Do you get irritated with "fair fights" in movies?

In most movies the good guy obviously has to behave in a certian way to as to distinguish himself from the bad guy.
This I have no problem with. The irritation begins when the good guy must act like a total idiot in order to be seen as “good”. For example, the (cliche’d) “You wouldn’t shoot an unarmed man?” part. I’d like to create a more realistic code of ethics, sort of the flip side of the Conquerer’s Handbook someone made up a while ago, for these guys. What do you think?

  1. You can cheat when fighting the bad guy. Giving him a “fair fight” (a phrase I hate), is both suicidally naive and counterproductive. You want to win? Cheat, and worry about the ethics later.

  2. You’re up against a really bad enemy. Don’t yell “Stop” or something similar if you have a gun. Shoot him in the knee, then yell.

  3. Don’t try to reason with the looney. Your two minutes of debate are not going to make him a useful member of society.

I love the * Get Smart * version.

Max disarms some villain who was supposed to be one of Europe’s greatest swordsmen. He says he won’t kill an unarmed man, slips his sword (rapier?) tip in the guard and flips his opponent the sword.

::accidentally it goes point first into the man’s belly::

“Sorry about that…”

As I recall, this cliche was effectively mocked in A Fish Called Wanda. Bad Guy Otto (Kevin Kline) knocks out a random passenger in order to steal his airline ticket; while he’s stashing the body in a closet, good guy Archie (John Cleese) happens by and picks up Otto’s gun. Otto, with his hands in the air, says something about a fair fight, and Archie accepts, putting down the gun and raising his fists. They circle each other for a moment, until Otto is suddenly able to bend down and pick up the discarded gun.

Yeah, it’s an annoying cliche. One would hope that any writer who descends to using it might put a clever spin on it, as above, but we all know cleverness is a rare commodity in Hollywood.

I thought that the “good good guy” has more or less been replaced by an anti-social “action hero” who spends two hours making one-liners as he blasts bad-guys left and right.

The only thing I never understood was why it was “not worth it” to simply kill the main bad guy since he’s going to do something stupid to make the hero shoot him anyway. Besides the fact that the good guy has probably already killed 50+ people and caused thousands of dollars in property damage. What’s one more?

From ‘Bad Boys’
(They have just killed a dozen drug dealers, blown up an airplane hanger and driven the bad guy, who is now on the ground, into a wall at 120 mph)

Martin Lawrence: Naw man, his shit aint worth it.
Will Smith: <something something whatever>
Bad guy: (Pulls out tiny pistol to shoot Will Smith)
Will Smith: (Empties clip into bad guy)

For a funny take on this, go rent “Rustlers Rhapsody”. Tom Berrenger is a ‘good guy’ cowboy who only shoots people in the hand and always wins because hes the ‘good guy’. To stop him, the evil cattle barons hire their own ‘good guy’ with hilarious results.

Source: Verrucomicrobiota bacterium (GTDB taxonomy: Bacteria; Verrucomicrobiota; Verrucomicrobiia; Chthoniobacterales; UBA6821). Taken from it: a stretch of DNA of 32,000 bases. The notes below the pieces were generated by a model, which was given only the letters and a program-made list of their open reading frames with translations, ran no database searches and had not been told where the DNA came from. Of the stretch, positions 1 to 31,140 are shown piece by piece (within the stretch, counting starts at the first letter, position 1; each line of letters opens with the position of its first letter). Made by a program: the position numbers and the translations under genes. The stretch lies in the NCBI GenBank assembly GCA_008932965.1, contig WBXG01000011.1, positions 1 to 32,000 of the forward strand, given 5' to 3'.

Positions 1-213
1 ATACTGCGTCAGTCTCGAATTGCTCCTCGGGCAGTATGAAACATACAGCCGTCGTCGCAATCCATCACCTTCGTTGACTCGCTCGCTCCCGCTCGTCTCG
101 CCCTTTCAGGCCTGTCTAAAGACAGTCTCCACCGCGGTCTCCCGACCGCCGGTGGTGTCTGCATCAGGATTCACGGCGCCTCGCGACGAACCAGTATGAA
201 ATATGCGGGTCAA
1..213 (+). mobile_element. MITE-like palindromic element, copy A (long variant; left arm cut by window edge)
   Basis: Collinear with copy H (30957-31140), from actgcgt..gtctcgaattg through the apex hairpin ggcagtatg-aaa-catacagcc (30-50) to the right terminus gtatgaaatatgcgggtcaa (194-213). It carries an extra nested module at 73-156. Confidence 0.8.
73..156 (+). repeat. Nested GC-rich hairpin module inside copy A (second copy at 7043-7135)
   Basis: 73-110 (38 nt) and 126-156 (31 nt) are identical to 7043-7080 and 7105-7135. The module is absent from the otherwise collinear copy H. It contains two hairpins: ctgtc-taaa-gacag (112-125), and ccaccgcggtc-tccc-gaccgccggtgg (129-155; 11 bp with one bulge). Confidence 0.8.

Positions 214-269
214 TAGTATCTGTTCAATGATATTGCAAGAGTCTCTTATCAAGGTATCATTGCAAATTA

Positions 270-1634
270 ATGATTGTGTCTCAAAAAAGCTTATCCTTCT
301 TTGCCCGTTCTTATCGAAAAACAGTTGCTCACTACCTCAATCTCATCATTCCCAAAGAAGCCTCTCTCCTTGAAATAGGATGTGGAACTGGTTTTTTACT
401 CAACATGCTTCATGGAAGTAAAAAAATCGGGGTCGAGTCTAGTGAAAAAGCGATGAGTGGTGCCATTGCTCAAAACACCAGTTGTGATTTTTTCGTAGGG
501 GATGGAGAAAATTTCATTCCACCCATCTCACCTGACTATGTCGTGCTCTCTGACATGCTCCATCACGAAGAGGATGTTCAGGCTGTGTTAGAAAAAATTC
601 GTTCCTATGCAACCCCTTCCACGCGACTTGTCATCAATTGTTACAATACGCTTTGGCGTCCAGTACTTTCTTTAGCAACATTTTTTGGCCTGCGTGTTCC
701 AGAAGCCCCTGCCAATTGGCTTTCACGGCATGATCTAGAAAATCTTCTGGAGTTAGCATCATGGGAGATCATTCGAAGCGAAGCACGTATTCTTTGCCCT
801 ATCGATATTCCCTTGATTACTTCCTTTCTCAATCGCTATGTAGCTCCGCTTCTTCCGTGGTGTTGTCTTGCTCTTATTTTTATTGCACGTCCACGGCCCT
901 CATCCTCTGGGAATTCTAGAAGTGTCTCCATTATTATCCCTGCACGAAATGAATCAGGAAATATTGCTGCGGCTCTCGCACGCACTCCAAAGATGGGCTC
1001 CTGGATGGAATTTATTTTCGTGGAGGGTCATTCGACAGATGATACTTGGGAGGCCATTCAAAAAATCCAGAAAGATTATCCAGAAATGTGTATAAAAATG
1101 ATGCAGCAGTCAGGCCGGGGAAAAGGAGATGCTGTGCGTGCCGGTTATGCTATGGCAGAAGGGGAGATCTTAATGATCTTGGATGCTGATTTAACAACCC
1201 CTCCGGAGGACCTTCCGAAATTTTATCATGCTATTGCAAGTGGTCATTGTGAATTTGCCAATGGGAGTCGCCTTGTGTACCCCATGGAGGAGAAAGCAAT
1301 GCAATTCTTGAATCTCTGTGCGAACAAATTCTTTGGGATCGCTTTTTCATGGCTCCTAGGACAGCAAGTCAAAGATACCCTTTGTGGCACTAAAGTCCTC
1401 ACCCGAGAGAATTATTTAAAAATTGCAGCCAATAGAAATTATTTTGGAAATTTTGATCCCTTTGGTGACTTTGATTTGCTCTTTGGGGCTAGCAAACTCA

Yeah, but the good guy’s compulsion to fight fair is usually nicely offset by the bad guys’ insistence, no matter by how many they have the good guy outnumbered, to attack one at a time.

Don’t forget Indiana Jones and the scimitar-wielding bad guy.

OK, it was spur of the moment improv because Harrison Ford wasn’t feeling well, but it worked.

It was a TERRIBLE movie (don’t watch it under any circumstances), but there was a brilliant scene toward the end of Andrew Dice Clay’s “Ford Fairlane.”

An evil, British psychopathic killer (played by Robert Englund) has agun pointed at Fairlane. Fairlane challenges the creep to put down the gun, to slug it out with him, “one on one, mano a mano.” The creep agrees, and drops the gun.

Immediately, Fairlane says, “You make me laugh, you know that?” He pulls out his own gun and shoots the Englishman on the spot. He then mocks the dying man, saying “What are you, an idiot? You NEVER put down your gun! I mean, come on! Mano a mano? What the hell does THAT mean?”

Great scene. Too bad I had to endure 90 minutes of boring crud to see it.

I wouldn’t be surprised to see the good guy being even more P.C. in the future.

What does political correctness have to do with this?

Not shooting someone in the back is the equivalent of saying “African-American” instead of “black”?

Butch Cassidy & The Sundance Kid:

At the beginning of the movie when Butch & Sundance get back to The Hole In The Wall and find out Harvey Logan has taken over and Logan says, "Guns or knives?

Butch: Neither?

Logan: Pick.

Butch: I don’t wanna shoot with you, Harvey.

Logan: Anything you say Butch. (Pulls out a long and evil looking knife.

As Butch moves towards Harvey, Butch says: No, not 'till we get the rules straight.

Logan (incredulously): Rules?!? In a knife fight?!?

At which point Butch kicks him in the balls.

There was this great HBO movie about ten years back called El Diablo starring Anthony Edwards as an Eastern tenderfoot and Louis Gosset Jr. as the hardened gunfighter trying to help him survive in the West. Early in the film, Gosset shoots a bandit in the back. Edwards is shocked. “You shot him in the back!” Gosset looks confused, “Well, his back was to me.”

And excellent scene is in “Saving Private Ryan” when the Jewish soldier from New York and the Nazi battle it out with a Hitler youth knife. I was screaming my head off in anger. The bad guy one. What a crock!

‘Good, Bad, I’m the guy with the gun.’

Best take on that, ever, IMO.

How true. When the ‘bad guys’ are zombies that wouldn’t know a fair fight if it struck them in the brainpan, all ‘rules’ go out the window. Chainsaws, machetes, woodchippers, flamethrowers… all fair for use on any side of the enemy that happens to be closest.